Close
Exit

WALKING into the backstage room at KL Live, we find Tame Impala frontman Kevin Parker slouched on a couch, looking a bit worse for wear.

The band had just finished soundcheck, and there wasn’t much time left until their show later that night. Immediately after they finish playing, they would have to board a plane to Japan for their next gig.

It’s a schedule that reflects the Australian psychedelic rock band’s growing popularity. They’ve already performed at some of the world’s most popular music festivals, from Coachella to Glastonbury.

Kevin Parker

This was the most enthusiasm our photographer could muster from Kevin. Life’s not always easy being a rock star. The band would fly off that very night for another gig.

But they’re not just popular with festival-goers; they’ve also received critical acclaim.

They’ve bagged two Grammy nominations so far, and their last album, Currents, received glowing reviews. Parker played all the instruments on Currents, and he writes and produces most of Tame’s music.

Lucky for us, we were able to score a one-on-one with Parker ahead of the band’s hotly-anticipated gig in Kuala Lumpur as part of the Urbanscapes arts festival. Here’s how it went down.


Can’t watch the video in virtual reality mode? Try it on the YouTube app.

How would you introduce Tame Impala to Malaysian audiences who might not know you guys?
Well, we’re Tame Impala – there’s not much to say there. “What kind of music do you play?” is always the hardest question to answer. Like, honestly, I have no idea what it is. I kinda just wait for other people to tell me what we sound like, you know what I mean?

The words people have used are “dream pop”, “psychedelic rock” – although I wouldn’t call us rock – or “neo-psychedelic dream soul”. Those are some of the words I’ve been complimented by.

A lot of people describe Tame Impala’s sound as unique. What inspired that?
I guess everything I’ve ever listened to, which is a lot (laughs)! Because for me, what kind of music I’m drawn to make is a subconscious thing, so it could come from anywhere, really.

You must have very unique taste…
Not at all! I have pretty common taste. But things just find their way into the music in weird ways. Like, I’m equally as influenced by something I love and listen to every day as I am something I just heard in the supermarket. Things just come in unexpectedly.

I like to think they come from the heart but I guess you want a better answer than that.

What’s your process like when you’re composing a song?
I have a vague idea, starting out, because melodies come from emotions, like wanting to express something that can’t be put in words. So I like to think that every emotion has millions of possible melodies. Every feeling you have from a particular situation has a melody to it. Every mood has a song you can play to.

The kind of mood differs from album to album. With the last album I was feeling kinda strange but optimistic. When I’m feeling a particular way or something has happened to me, if I write something true to it, then people can identify with it.

Tame Impala performing at Urbanscapes 2016 recently

Tame Impala performing at Urbanscapes 2016 recently

It can’t be easy trying to come up with something new and unique all the time. How do you do it?
It would be hard if you were trying to sound unique. If the only purpose of coming up with a new song is for it to sound like nothing you’ve ever heard before, it would be impossible. It’s not the kind of thing you can force. I hope what I do is unique, but as long as whatever you do is true to you, it’s going to be unique.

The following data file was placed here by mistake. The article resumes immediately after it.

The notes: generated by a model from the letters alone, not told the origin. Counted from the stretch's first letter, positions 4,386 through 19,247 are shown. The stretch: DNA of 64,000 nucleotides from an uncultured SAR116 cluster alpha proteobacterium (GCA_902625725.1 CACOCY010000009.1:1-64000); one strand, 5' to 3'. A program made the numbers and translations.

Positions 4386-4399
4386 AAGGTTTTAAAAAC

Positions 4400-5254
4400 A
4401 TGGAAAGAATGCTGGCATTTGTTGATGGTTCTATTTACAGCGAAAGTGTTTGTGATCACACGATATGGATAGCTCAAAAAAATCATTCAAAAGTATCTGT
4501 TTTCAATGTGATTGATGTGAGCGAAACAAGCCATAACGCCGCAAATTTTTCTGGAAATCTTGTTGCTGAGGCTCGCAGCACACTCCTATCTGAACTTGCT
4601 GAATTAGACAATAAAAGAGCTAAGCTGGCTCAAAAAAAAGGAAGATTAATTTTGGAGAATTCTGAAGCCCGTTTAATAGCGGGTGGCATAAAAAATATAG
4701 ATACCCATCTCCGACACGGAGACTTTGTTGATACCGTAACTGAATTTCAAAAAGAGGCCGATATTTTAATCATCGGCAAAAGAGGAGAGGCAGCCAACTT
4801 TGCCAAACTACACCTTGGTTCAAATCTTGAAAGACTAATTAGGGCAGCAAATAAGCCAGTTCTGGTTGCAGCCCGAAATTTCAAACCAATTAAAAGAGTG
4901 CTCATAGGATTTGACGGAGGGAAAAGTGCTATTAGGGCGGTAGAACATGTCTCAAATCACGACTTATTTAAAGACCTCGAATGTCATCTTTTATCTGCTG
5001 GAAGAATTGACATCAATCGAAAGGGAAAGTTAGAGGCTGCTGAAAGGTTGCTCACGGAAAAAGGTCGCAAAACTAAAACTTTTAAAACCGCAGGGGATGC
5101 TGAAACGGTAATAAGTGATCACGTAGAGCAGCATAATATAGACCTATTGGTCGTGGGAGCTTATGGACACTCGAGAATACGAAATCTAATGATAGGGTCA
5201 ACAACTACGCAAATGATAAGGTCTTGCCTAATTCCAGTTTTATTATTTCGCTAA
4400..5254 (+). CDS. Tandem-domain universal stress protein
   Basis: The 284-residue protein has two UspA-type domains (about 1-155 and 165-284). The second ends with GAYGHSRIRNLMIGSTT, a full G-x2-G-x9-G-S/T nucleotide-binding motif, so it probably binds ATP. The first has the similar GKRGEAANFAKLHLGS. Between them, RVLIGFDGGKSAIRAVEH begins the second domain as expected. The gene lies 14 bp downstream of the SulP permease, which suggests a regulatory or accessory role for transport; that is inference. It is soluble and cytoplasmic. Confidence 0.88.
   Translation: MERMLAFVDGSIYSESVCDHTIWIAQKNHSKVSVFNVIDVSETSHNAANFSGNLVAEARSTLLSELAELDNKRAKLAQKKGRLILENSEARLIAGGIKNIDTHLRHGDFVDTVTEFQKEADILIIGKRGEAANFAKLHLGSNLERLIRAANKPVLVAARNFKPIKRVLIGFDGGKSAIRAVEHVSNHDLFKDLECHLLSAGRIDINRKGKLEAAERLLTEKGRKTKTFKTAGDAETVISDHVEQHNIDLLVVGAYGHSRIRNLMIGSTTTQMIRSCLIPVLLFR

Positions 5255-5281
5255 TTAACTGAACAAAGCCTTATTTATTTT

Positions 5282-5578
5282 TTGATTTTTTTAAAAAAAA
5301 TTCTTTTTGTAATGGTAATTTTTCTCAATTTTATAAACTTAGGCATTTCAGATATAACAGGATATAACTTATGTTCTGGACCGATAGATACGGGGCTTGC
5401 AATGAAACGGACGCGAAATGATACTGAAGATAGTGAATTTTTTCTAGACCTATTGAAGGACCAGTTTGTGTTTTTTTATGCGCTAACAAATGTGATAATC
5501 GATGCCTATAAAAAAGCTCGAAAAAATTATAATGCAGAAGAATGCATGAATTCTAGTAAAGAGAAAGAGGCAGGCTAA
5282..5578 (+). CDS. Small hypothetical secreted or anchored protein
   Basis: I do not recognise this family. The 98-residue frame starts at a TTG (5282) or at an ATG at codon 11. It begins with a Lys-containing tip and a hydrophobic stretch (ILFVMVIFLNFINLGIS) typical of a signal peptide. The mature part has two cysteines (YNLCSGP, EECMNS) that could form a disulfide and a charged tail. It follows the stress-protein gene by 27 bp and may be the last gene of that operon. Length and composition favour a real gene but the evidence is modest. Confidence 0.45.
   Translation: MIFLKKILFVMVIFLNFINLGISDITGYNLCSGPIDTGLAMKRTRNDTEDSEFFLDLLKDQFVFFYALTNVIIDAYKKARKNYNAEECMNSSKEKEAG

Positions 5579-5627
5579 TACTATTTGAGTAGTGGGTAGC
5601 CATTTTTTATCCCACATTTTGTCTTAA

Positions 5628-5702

When I was much younger, I didn’t know as much about music. I was 16 and I loved The Strokes and all I wanted to sound like was The Strokes. So back then, everything I played had to sound like them. If it didn’t, it would feel like a sacrifice.

This is your first tour of South-East Asia. How has it been?
Amazing! Going to new places is always exciting. I feel like I’m seeing a part of the world I’ve never been to before.

I’ve only been in Malaysia for 12 hours so I haven’t seen much, but we went and had a drink last night and had some dinner and stuff. It was pretty fun. The sky’s a crazy colour, I don’t know if that’s smog or dust or what.

If I were here for a couple of days I’d probably be able to tell you a little bit more. That’s the problem with these kinds of tours. They just go by so quickly.

What was your first tour outside of Australia like?
It was four to five years ago. We played in London. I’ve been playing music all my life and I only left the country when we got our first record deal, and that was after we released our first few albums. Tame Impala had been around two to three years before that.

It was one of the strangest feelings I had ever felt. There was a line out the door and people had already heard about us, which was so unexpected. This famous English comedian that our band had always loved, Noel Fielding, came to our first show in London. We thought we were dreaming.

So what’s coming up for Tame Impala?
The album cycle is rolling on. There’s a bunch of countries we are going to after this. As for me, I make music all the time. When the time comes to make new music, I’ll do it.

About

Previous intern Clarissa likes a lot of things. Ice cream, books, her colleagues, Welcome to Nightvale. Writing about herself is not one of those things.

Latest on R.AGE TV

More R.AGE projects

Environment, Elephant, Animal rights, orang asli, perak, state park
Go top